The piercing of the septum is
probably the second most common piercing among primitive peoples after
ear piercing, it's even more common than nostril piercing. It's
probably so popular for the same reasons as nose piercing, with the
added attraction that the piercing can be stretched and large pieces
of jewelery can be inserted, i.e. pig's tusks, pieces of bone,
feathers, pieces of wood, etc.
The septum piercing is particularly
prevalent among warrior cultures, this probably has to do with the
fact that large tusks through the septum give the face a fierce
appearance. The use of septum tusks is very prevalent in Irian Jaya,
New Guinea and the Solomon Islands, pig's tusks being the most
popular. Among the Asmat tribe of Irian Jaya the most prestigious
septum tusk is the "Otsj" this is a large bone plug, which
can be as thick as 25mm. They are usually made of the leg bones of a
pig, but occasionally they are made from the Tibia bone of an enemy
slain in battle.
The Septum piercing was beloved by
the Aztecs, the Mayans, and the Incas. They wore a variety of
jewellery, but jade and gold were the most popular because of their
religous associations. The
modern day Cuna Indians of Panama continue this practice by wearing
thick pure gold rings in their septum.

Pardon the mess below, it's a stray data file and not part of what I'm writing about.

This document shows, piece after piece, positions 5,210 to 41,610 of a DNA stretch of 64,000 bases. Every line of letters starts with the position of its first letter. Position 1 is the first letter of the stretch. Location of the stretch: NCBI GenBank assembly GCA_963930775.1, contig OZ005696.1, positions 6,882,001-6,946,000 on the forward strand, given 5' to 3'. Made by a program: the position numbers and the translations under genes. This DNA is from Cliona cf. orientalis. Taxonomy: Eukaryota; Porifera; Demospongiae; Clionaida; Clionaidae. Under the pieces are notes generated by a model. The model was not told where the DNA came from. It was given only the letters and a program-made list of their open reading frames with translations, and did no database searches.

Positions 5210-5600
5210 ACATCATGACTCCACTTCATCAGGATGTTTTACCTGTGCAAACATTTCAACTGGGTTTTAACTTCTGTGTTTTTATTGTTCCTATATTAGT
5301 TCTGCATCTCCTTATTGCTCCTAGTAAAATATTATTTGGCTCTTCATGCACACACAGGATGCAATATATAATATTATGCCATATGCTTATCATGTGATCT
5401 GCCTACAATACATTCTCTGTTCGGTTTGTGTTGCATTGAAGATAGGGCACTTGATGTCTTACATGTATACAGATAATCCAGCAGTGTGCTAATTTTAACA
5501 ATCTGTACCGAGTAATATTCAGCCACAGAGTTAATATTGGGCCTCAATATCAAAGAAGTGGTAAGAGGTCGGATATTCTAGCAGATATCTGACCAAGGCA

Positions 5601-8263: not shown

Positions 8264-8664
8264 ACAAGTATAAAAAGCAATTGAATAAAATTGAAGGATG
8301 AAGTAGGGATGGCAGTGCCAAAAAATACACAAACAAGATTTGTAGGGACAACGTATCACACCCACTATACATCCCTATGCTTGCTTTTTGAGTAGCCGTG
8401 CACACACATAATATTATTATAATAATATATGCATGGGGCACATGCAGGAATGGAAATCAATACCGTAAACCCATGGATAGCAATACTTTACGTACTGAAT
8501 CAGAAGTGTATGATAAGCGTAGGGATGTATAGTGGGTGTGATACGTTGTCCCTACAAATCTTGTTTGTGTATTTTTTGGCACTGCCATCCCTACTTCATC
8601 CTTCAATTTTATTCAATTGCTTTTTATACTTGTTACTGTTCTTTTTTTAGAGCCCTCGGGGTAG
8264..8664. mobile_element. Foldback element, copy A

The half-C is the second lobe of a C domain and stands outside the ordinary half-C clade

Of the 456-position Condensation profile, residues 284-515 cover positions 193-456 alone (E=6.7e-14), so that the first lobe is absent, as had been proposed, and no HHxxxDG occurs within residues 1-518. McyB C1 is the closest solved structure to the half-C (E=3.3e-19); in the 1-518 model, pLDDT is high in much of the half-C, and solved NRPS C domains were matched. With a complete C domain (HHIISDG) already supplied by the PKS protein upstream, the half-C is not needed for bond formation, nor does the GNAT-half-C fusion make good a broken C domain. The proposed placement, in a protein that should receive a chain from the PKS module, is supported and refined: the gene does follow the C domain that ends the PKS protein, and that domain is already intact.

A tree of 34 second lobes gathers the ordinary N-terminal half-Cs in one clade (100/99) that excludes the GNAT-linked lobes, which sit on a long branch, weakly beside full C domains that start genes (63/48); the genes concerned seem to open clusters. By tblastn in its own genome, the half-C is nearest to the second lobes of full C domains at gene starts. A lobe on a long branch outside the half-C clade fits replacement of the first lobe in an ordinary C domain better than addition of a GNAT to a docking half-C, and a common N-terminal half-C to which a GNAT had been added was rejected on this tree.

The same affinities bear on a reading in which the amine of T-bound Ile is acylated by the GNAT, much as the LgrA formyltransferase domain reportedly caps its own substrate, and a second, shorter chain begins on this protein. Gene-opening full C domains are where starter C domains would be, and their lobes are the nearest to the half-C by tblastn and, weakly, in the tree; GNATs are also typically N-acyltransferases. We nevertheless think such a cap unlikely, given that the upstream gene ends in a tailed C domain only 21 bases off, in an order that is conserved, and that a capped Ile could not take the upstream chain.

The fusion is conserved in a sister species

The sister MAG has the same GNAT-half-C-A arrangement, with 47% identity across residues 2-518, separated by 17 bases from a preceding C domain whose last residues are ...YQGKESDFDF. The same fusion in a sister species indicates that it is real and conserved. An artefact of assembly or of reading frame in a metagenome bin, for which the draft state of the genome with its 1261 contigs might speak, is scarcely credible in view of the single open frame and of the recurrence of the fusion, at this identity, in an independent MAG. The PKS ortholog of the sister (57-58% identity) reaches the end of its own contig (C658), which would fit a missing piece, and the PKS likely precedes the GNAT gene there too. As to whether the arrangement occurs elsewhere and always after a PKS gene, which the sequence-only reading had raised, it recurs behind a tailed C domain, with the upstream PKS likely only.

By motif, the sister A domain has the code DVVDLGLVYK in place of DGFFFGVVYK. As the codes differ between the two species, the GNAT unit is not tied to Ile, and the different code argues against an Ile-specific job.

The piercing is also popular in
India, Nepal, and Tibet, a pendant "Bulak" is worn, and some
examples are so large as to prevent the person being able to eat, the jewelery
has to be lifted up during meals. In Rajasthan in Himachal Pradesh
these Bulak are particularly elaborate, and extremely large.
Septum piercing was widely practiced
by many North American Indian tribes, the name of the Nez Perc, tribe
of Washington state, stem from their practice of piercing the septum,
Nez Perc, is French for Nose Pierced, and was given to the tribe by
the French fur traders. Australian aboriginals pierced the septum and
passed a long stick or bone through the piercing to flatten the nose,
they believed a flat nose to be the most desireable.
Among the Bundi tribe of the
Bismarck Ranges of Papua New Guinea the piercing is performed using
the thin end of the Sweet Potato plant (Ogai Iriva), usually at age
18-22. The age at which the piercing is done varies greatly between
different tribes, some tribes perform the rite at age 9-10.
"You were lost in the bush and
now you have come back. You have come back mature; you are men. When
you return to your hamlet many girls will come after you. But if you
have lived well, and if they come after you, all the well. You will
now have your noses pierced to allow you to sing with girls and lead a
life like that of your elders. Your (Kangi Poroi) caused you to go to
all this trouble, now it will be over."
Source: Address by tribal elder to
young men undergoing the (Kangi Poroi) manhood ritual. Source: Field
notes of David G. Fitzpatrick 1977 in "Bundi, the culture of
Papua New Guinea people" Ryebuck Publications, Nerang Queensland